Paris 2024: Will the River Seine be Olympic-ready?. GETTY IMAGES

Water tests on the Seine in Paris show the river is still too dirty to swim in, two months before the start of the Paris Olympics when it will be used by athletes, data from a charity showed on Wednesday.

French authorities are in a race against time to clean up the Seine, which will host the swimming leg of the triathlon at the end of July and open water swimming in August. According to AFP, the water charity Surfrider has been carrying out regular tests to measure levels of two key bacteria that indicate the presence of faecal matter. Their latest results showed levels of E.Coli and Enterococci above the acceptable levels set by sporting bodies and European bathing standards.

One reading for E.Coli at the Alexandre III bridge was more than three times the maximum level allowed by triathlon and open water swimming federations. Heavy rainfall in May is likely to have contributed to what Surfrider called "poor" water quality. It noted that there had been heavy rain 36 hours before the tests, but only light rain in the 12 hours before. Heavy rainfall is known to overwhelm Paris's century-old sewage system, resulting in untreated sewage being dumped directly into the river.

Paris Olympics organisers have postponed the rehearsal of the opening ceremony on the Seine for the second time due to high water levels. The river, a central element and highlight of this year's Games, has been affected by a stormy May, leading to the cancellation of the 27 May rehearsal after an earlier one on 8 April. "It will take place when the weather conditions allow for it," officials told AFP.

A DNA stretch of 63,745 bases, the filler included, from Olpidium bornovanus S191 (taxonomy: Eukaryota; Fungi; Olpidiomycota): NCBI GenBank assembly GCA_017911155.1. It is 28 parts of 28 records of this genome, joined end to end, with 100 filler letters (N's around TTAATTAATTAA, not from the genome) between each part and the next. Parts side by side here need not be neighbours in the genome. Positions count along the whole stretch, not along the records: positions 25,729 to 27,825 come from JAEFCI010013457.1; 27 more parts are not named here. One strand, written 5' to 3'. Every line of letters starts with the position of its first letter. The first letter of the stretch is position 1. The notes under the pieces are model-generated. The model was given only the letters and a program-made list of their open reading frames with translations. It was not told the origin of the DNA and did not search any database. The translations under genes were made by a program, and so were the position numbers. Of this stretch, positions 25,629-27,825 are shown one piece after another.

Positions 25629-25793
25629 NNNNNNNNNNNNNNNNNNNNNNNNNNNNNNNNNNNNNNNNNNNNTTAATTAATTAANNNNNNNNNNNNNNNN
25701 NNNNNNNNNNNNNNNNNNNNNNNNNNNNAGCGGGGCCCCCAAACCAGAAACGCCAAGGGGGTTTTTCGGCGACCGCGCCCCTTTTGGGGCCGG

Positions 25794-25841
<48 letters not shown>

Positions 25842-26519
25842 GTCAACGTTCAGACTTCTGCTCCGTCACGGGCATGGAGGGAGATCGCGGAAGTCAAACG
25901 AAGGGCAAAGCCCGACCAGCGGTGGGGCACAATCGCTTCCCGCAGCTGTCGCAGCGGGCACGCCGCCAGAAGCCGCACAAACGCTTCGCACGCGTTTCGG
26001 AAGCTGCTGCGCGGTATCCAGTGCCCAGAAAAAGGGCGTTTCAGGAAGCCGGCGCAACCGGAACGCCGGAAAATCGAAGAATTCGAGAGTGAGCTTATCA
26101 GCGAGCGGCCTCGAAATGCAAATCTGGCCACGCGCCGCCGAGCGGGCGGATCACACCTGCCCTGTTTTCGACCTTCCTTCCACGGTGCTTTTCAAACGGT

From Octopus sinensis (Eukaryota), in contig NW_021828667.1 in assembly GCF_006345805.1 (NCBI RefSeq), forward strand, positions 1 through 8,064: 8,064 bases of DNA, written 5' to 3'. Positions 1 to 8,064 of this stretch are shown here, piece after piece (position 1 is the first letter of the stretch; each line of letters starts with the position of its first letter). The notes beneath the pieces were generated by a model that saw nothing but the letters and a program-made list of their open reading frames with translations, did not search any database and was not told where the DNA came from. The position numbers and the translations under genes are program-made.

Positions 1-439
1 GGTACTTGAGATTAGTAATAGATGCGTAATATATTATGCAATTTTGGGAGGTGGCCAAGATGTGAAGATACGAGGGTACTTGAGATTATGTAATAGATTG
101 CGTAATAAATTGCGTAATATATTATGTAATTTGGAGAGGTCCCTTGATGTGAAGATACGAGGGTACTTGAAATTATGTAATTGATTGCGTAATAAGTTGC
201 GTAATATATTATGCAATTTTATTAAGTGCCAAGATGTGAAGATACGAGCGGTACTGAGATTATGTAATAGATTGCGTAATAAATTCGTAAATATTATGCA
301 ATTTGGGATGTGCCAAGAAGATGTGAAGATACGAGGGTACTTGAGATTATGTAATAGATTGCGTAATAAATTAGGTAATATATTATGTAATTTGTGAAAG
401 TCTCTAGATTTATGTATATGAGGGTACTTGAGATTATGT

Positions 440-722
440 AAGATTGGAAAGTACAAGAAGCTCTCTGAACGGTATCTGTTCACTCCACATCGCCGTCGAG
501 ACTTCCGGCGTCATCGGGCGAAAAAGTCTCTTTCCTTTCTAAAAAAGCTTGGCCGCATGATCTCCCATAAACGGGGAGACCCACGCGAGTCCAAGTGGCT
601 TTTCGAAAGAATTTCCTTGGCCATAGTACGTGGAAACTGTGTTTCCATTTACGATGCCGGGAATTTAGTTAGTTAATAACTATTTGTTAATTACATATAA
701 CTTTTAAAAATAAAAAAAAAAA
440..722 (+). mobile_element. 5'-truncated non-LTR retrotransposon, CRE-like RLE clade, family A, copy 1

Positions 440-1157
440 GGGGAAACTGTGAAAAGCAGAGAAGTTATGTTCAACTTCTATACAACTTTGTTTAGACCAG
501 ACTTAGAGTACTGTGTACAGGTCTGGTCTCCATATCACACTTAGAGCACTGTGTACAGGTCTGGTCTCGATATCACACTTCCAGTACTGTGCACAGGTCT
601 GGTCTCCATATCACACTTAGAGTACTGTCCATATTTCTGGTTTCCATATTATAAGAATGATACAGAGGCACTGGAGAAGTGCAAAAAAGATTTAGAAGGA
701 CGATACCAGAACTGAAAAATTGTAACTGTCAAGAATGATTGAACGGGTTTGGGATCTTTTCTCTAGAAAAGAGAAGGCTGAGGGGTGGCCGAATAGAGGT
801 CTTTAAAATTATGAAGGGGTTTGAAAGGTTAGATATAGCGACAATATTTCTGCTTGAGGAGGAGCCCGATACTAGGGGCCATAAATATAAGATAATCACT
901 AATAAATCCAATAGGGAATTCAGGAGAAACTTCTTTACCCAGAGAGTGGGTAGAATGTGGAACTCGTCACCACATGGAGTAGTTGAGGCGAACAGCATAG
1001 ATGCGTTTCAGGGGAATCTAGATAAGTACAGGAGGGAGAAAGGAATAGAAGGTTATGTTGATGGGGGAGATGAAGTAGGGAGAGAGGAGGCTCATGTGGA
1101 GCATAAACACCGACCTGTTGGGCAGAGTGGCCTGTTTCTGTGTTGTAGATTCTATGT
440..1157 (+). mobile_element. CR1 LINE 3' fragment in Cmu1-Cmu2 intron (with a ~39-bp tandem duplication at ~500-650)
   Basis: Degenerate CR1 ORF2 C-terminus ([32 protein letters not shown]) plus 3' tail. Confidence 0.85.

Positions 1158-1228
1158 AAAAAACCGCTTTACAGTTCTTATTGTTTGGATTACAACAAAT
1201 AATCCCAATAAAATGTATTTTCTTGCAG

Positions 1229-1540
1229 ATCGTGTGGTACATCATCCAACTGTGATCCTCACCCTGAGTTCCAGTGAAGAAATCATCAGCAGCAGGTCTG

Organisers are praying for good weather during the Olympic Games, which run from 26 July to 11 August, and have been open about the possibility of having to delay or even cancel the Seine swim in the event of storms. Cleaning up the Seine was "probably the most difficult (Olympic) project to organise", Paris deputy mayor Emmanuel Gregoire told reporters in April.

Although a new water treatment plant was inaugurated upstream of Paris at Champigny-sur-Marne at the end of April, another major Olympics-related water infrastructure project has yet to come on stream. A huge new underground stormwater facility near Austerlitz station in eastern Paris - which will store water to prevent it being discharged into the river - is due to come on stream in early June.

Around 1.4 billion euros ($1.5 billion) has been spent by French authorities on upgrading sewage treatment and stormwater facilities around Paris to reduce the amount of untreated faecal matter flowing into the river and its main tributary, the Marne.

The clean-up of the Seine has been promoted as one of the key legacies of the Paris 2024 Games, with Mayor Anne Hidalgo planning to create three public bathing areas in the river next year. Both the mayor and President Emmanuel Macron have promised to take a dip before the Games to show it is safe, with sources saying Hidalgo has pencilled in 23 June for her swim.

Olympic open-water swimming has been hit by pollution concerns in the past, most notably at Rio 2016 and Tokyo 2021.